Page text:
May
04
2010

Time's Influential Antiwar Activist Too Antiwar?

It was a surprise to see Afghan feminist activist Malalai JoyaonTime magazine's"Top 100 Most Influential People in the World" list. Not as surprising, though, to see her views criticized. Joya is a fierce opponent of the U.S. presence in her country, which does not sit well with some in the corporate media. Joya's Time entry was written byAyaan Hirsi Ali, who is perhaps best knownin this countrythanks to U.S. conservatives' embrace of hercriticismof Islam.Her write-up wishes that Joya would learn to love the U.S. occupation. Malalai, 31, is a leader. I hope in time she comes to see the U.S. […]

Dec
15
2009

Can't She Be a Little Nicer, Though?

On Sunday (12/13/09), the New York Times Book Review offered a brief take on Malalai Joya's A Woman Among Warlords: The Extraordinary Story of an Afghan Who Dared to Raise Her Voice. Times reviewer Marc Tracy seemed to like the book OK, with a few notable caveats: Joya's arguments, we're told, "have earned the plaudits of people like Noam Chomsky, [and] are sometimes extreme, simplistic and misguided, but they are rarely without a grain of truth." It's hard to tell what the "grain of truth" might be, but throwing Chomsky's name into the mix seems to be a sign to […]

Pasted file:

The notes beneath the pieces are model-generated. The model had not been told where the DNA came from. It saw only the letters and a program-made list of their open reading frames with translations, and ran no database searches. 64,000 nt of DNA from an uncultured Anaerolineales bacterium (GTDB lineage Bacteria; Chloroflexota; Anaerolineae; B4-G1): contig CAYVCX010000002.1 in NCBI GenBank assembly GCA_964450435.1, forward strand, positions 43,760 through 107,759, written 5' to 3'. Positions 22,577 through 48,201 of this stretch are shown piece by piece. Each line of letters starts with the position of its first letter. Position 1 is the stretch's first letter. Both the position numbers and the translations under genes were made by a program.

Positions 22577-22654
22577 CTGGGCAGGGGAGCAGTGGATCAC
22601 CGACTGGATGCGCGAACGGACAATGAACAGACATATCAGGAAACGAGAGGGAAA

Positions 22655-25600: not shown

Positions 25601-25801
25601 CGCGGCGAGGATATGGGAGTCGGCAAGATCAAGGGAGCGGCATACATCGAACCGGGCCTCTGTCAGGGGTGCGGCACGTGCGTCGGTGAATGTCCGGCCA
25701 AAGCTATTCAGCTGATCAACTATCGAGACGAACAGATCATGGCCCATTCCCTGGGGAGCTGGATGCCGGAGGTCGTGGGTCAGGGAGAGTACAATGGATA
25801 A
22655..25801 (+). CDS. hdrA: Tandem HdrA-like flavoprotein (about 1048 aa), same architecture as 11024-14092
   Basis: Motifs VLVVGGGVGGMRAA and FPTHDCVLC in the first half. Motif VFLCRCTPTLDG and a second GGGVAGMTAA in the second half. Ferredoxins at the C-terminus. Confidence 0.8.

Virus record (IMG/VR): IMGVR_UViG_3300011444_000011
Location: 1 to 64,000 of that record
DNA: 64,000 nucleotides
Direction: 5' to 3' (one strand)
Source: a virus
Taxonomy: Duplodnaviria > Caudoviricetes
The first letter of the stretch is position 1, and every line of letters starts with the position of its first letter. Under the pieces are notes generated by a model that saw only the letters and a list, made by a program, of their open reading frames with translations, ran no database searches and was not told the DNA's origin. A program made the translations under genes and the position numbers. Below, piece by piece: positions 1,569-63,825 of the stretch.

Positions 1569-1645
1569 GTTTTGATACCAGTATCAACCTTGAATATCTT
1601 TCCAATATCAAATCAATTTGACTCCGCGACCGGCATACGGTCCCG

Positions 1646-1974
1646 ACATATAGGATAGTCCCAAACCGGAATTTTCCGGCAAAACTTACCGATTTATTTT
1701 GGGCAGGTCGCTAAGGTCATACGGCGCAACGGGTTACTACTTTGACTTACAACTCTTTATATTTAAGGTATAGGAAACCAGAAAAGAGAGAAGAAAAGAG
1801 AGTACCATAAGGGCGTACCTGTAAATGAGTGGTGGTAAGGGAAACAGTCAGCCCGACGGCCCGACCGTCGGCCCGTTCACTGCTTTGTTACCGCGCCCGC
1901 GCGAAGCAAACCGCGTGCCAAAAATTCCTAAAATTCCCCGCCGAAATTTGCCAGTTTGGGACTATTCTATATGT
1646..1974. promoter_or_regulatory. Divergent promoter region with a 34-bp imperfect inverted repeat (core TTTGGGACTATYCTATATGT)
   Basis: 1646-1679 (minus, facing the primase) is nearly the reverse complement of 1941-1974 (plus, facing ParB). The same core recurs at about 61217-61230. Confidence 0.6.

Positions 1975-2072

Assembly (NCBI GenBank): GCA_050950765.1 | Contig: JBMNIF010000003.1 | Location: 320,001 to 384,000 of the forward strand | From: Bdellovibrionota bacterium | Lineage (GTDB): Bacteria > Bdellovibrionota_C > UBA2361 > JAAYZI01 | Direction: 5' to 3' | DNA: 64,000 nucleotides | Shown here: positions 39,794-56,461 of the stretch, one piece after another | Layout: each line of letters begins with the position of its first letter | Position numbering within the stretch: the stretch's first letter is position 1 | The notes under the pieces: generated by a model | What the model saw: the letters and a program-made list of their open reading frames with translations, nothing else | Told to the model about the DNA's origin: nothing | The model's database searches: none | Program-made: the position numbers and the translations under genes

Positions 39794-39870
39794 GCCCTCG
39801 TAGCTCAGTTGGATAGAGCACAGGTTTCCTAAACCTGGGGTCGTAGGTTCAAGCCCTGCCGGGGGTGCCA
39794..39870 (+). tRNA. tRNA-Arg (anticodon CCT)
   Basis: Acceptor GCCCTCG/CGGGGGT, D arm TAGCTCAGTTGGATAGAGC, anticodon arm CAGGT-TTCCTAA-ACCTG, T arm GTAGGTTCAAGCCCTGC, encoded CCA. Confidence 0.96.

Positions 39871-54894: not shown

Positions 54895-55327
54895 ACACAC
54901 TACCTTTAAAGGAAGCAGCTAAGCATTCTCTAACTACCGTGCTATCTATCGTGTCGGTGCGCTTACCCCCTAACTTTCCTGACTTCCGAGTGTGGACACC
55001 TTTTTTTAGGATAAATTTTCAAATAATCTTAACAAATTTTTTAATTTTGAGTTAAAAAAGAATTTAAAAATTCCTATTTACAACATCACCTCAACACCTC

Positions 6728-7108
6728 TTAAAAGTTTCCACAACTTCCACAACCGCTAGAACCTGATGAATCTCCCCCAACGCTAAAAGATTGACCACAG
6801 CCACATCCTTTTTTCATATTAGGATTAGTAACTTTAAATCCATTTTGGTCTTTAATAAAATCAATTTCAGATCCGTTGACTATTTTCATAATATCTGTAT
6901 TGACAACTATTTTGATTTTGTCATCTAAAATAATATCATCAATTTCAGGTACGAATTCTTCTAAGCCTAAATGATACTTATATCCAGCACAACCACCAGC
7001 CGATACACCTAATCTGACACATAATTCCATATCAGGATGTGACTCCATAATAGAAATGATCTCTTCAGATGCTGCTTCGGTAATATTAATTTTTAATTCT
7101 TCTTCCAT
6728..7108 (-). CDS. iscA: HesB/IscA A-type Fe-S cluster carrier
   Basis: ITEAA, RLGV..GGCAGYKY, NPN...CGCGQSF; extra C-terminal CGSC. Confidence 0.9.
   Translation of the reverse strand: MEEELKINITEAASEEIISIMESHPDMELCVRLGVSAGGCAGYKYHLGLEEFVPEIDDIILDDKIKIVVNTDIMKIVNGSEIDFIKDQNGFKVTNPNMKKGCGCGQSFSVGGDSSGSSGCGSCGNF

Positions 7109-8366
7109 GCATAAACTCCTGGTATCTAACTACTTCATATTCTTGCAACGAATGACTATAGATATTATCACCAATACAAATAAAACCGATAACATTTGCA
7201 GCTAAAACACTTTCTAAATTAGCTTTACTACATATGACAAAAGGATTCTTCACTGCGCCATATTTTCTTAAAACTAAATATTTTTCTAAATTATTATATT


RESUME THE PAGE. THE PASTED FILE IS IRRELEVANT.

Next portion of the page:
Nov
02
2009

An Occupation by Any Other Name

Afghan activist and politician Malalai Joya has been in the U.S. to discuss her book A Woman Among Warlords. As noted by Eric Garris at Antiwar.com, Joya's was treated very differently byCNN than by CNN International. Specifically, Joya's mention of the military occupation of her country seemed to offend CNN host Heidi Collins (10/28/09): Again, "occupation" would certainly be your word. A lot of people would take great issue with you calling the U.S. presence in Afghanistan in your country an" occupation." It's not clear to whom Collins is referring when she speaks of people who would take "great issue" […]

Aug
10
2009

A Look 'Behind the Propaganda' About Afghanistan

Johann Hari (ZNet, 8/6/09) has an in-depth write-up of "the story of Malalai Joya" that "turns everything we have been told about Afghanistan inside out": In the official rhetoric, she is what we have been fighting for. Here is a young Afghan woman who set up a secret underground school for girls under the Taliban and–when they were toppled–cast off the burka, ran for parliament, and took on the religious fundamentalists. But she says: "Dust has been thrown into the eyes of the world by your governments. You have not been told the truth. The situation now is as catastrophic […]